Several years ago, I was studying with an individual. I had convinced this person of many things. Yet, I never could get this person through the doors of the church building and into the assembly. As I encouraged him to come, his response was, “I worship God at home.”
How do you respond to such? If the assembly was only for the honor and worship of God, couldn’t we do such at home? Yes, I suppose if that is all God wanted, then He could have allowed us to stay at home and worship apart from others. But, is that the only purpose of our coming together?
True, the assembly is to worship God, but the assembly has other purposes as well. When we sing praises to God (Acts 16:25; Ephesians 5:19; Colossians 3:16), we are not only singing praises to God, but we are also “speaking to one another” or “teaching and admonishing” (and no doubt encouraging) one another through those same songs (Ephesians 5:19; Colossians 3:16). One of the purposes of assembling is to “provoke (one another) unto love and good works” (Hebrews 10:24-25). The communion is supposed to bring us together (Acts 20:7).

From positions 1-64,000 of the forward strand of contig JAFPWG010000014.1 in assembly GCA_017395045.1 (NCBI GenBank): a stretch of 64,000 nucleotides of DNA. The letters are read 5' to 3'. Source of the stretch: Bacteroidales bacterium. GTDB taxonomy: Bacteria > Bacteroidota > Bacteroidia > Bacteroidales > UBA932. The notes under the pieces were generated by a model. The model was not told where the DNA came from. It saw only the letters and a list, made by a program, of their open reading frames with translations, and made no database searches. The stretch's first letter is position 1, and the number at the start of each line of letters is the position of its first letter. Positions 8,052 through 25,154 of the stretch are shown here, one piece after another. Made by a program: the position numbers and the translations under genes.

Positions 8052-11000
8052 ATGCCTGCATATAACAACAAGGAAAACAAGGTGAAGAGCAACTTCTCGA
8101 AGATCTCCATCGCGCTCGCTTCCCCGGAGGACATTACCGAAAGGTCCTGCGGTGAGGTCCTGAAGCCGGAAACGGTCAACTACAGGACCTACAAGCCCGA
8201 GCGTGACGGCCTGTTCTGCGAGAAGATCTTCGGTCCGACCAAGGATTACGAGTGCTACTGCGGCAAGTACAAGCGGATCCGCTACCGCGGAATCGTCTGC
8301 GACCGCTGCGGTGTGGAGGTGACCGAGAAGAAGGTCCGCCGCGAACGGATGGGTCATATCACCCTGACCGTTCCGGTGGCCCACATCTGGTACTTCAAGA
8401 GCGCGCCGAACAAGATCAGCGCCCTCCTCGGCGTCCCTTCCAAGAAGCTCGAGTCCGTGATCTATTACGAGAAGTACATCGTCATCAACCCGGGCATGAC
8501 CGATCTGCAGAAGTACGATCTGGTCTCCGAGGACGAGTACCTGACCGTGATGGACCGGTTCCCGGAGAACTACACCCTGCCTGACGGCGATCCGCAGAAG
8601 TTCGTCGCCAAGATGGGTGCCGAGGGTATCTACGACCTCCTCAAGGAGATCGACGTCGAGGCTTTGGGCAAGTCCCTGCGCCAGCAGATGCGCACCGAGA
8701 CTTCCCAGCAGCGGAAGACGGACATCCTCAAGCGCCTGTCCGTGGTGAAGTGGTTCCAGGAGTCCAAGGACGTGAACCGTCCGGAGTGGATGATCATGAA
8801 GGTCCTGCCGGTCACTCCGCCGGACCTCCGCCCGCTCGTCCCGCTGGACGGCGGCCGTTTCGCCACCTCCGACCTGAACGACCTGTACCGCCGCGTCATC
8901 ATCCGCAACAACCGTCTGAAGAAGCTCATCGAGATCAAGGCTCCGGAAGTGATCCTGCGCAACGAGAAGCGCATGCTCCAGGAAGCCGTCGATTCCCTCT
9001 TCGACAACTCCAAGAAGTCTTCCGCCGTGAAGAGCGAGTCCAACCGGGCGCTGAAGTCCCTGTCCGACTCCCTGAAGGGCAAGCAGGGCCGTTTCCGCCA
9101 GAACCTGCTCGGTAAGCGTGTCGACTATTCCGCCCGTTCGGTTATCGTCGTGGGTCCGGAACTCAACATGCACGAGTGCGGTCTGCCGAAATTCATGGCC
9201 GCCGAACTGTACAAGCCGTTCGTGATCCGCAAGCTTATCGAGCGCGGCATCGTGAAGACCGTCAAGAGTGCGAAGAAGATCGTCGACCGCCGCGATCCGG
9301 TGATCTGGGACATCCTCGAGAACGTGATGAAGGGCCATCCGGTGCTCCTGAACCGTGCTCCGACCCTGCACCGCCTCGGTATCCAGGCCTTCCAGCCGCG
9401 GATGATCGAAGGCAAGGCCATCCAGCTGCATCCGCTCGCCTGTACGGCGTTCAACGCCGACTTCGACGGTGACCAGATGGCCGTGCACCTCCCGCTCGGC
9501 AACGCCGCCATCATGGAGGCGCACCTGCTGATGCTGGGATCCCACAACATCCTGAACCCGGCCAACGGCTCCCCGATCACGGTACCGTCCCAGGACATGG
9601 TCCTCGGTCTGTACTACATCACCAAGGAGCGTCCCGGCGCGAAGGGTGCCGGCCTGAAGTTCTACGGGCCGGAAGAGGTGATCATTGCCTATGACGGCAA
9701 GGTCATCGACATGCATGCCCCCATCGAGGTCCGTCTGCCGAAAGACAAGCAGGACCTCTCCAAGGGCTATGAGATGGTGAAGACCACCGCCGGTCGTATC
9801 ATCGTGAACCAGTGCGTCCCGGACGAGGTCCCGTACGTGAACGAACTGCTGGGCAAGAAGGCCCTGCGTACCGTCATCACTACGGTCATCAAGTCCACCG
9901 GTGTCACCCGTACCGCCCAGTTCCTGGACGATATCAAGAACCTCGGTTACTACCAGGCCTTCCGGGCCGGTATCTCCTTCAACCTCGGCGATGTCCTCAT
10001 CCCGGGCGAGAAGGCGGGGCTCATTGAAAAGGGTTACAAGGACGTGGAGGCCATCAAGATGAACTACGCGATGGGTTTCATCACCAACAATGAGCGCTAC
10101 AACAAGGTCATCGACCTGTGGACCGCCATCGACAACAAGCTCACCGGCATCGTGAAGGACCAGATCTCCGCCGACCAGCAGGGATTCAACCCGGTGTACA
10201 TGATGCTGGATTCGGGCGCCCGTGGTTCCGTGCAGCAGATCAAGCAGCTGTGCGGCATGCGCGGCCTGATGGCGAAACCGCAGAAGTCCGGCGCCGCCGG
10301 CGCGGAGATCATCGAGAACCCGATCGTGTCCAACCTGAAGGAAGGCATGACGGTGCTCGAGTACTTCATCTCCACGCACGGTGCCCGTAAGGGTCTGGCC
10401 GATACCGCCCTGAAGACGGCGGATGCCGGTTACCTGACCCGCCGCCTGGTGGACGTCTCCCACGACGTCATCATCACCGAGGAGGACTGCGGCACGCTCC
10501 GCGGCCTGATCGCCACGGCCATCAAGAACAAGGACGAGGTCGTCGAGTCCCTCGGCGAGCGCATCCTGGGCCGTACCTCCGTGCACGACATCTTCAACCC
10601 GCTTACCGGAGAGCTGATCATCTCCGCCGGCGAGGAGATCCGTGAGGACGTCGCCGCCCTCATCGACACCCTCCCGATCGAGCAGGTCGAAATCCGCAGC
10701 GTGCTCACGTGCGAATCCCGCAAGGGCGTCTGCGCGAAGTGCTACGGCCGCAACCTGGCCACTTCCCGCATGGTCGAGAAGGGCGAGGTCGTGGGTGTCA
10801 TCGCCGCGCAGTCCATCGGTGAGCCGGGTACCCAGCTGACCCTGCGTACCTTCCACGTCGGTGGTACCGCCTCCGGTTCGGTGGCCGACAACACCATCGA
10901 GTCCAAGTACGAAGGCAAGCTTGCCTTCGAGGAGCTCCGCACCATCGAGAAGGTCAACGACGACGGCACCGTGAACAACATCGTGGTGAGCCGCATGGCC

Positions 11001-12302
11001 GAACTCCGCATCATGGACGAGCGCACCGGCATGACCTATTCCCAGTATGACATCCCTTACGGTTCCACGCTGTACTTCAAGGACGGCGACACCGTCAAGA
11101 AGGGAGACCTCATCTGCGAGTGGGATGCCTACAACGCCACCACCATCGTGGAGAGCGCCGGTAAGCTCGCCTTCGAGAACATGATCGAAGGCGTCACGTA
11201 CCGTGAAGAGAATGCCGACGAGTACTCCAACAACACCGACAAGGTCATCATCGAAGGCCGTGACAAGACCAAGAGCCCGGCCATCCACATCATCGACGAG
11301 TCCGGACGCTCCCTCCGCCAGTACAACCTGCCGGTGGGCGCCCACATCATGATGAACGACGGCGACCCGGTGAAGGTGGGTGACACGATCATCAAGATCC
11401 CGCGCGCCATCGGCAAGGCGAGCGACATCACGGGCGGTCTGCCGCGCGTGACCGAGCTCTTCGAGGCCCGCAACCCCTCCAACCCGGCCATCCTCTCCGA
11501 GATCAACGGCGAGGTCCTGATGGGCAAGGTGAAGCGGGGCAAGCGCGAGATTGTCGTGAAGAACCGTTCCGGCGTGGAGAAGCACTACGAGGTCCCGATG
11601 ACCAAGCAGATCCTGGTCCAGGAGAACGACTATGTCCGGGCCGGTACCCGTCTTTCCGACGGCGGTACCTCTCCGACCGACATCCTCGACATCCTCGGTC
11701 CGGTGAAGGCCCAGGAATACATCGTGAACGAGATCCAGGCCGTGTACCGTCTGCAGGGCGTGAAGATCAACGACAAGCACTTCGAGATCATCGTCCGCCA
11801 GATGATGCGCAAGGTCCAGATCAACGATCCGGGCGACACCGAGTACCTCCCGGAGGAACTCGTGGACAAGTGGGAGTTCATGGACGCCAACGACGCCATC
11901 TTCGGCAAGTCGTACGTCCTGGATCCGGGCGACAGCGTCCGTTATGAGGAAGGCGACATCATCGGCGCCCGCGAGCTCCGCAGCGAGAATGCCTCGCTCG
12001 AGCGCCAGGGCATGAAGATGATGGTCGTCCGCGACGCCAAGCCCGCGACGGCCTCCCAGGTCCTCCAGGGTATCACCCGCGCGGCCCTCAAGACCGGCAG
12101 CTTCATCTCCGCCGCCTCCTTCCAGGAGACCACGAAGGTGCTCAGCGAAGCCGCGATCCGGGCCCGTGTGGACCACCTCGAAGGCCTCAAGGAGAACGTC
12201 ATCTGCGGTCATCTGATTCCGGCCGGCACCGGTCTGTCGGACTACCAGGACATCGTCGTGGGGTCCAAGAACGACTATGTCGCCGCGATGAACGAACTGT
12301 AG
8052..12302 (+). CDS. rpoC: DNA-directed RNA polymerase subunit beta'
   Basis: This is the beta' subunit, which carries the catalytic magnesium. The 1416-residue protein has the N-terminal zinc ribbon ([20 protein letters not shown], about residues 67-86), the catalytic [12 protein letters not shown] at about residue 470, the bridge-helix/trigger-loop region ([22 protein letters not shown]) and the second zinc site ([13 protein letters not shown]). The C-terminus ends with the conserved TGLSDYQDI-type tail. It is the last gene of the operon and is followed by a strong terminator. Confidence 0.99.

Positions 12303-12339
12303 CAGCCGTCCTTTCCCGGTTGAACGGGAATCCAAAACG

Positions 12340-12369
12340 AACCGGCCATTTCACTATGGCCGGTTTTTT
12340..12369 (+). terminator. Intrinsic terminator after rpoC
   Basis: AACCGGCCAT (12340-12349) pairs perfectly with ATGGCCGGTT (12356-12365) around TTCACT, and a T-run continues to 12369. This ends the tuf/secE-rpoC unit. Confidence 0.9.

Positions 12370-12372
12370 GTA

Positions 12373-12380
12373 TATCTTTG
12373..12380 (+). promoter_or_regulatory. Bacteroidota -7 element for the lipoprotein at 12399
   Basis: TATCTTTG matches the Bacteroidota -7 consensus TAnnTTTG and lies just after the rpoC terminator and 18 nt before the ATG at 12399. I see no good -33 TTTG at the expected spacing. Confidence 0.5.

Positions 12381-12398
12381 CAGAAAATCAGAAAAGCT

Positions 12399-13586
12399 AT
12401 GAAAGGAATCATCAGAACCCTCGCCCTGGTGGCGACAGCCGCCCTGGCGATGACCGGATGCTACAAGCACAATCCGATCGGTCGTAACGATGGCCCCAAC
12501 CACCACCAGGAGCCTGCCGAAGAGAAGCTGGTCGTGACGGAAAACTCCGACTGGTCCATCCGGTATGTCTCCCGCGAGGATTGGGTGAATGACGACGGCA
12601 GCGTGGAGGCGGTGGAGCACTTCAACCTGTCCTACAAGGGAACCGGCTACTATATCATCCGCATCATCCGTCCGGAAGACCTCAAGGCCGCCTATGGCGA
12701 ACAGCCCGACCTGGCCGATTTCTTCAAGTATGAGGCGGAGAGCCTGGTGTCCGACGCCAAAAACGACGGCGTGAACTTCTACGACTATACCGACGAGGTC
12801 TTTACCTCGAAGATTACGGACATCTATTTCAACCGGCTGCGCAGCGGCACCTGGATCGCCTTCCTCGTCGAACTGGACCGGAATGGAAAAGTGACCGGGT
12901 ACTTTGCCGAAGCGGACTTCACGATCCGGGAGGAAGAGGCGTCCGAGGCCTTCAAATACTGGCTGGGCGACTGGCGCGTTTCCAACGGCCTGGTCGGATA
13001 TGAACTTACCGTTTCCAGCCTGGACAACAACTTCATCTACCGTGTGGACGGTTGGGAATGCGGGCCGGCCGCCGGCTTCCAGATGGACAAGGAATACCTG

God wanted us to come together. He knew that living a godly life in an ungodly world would be difficult. Therefore, He instructed us to assemble (Hebrews 10:25), for it is from the assembly that we are prodded on to do right (Hebrews 10:24-25). The assembly was designed to be a place of edification (1 Corinthians 14:3-5, 12-19, 26b; Ephesians 4:15-16).
As God’s people, let us remember that one reason for our assembling is to edify. Let us use our tongues to edify (Ephesians 4:29). Let us avoid things which do not (Titus 3:9-11). Let us do everything we can to build each other up, and encourage one another each time we meet. “Therefore let us pursue the things which make for peace and things by which one may edify another” (Romans 14:19).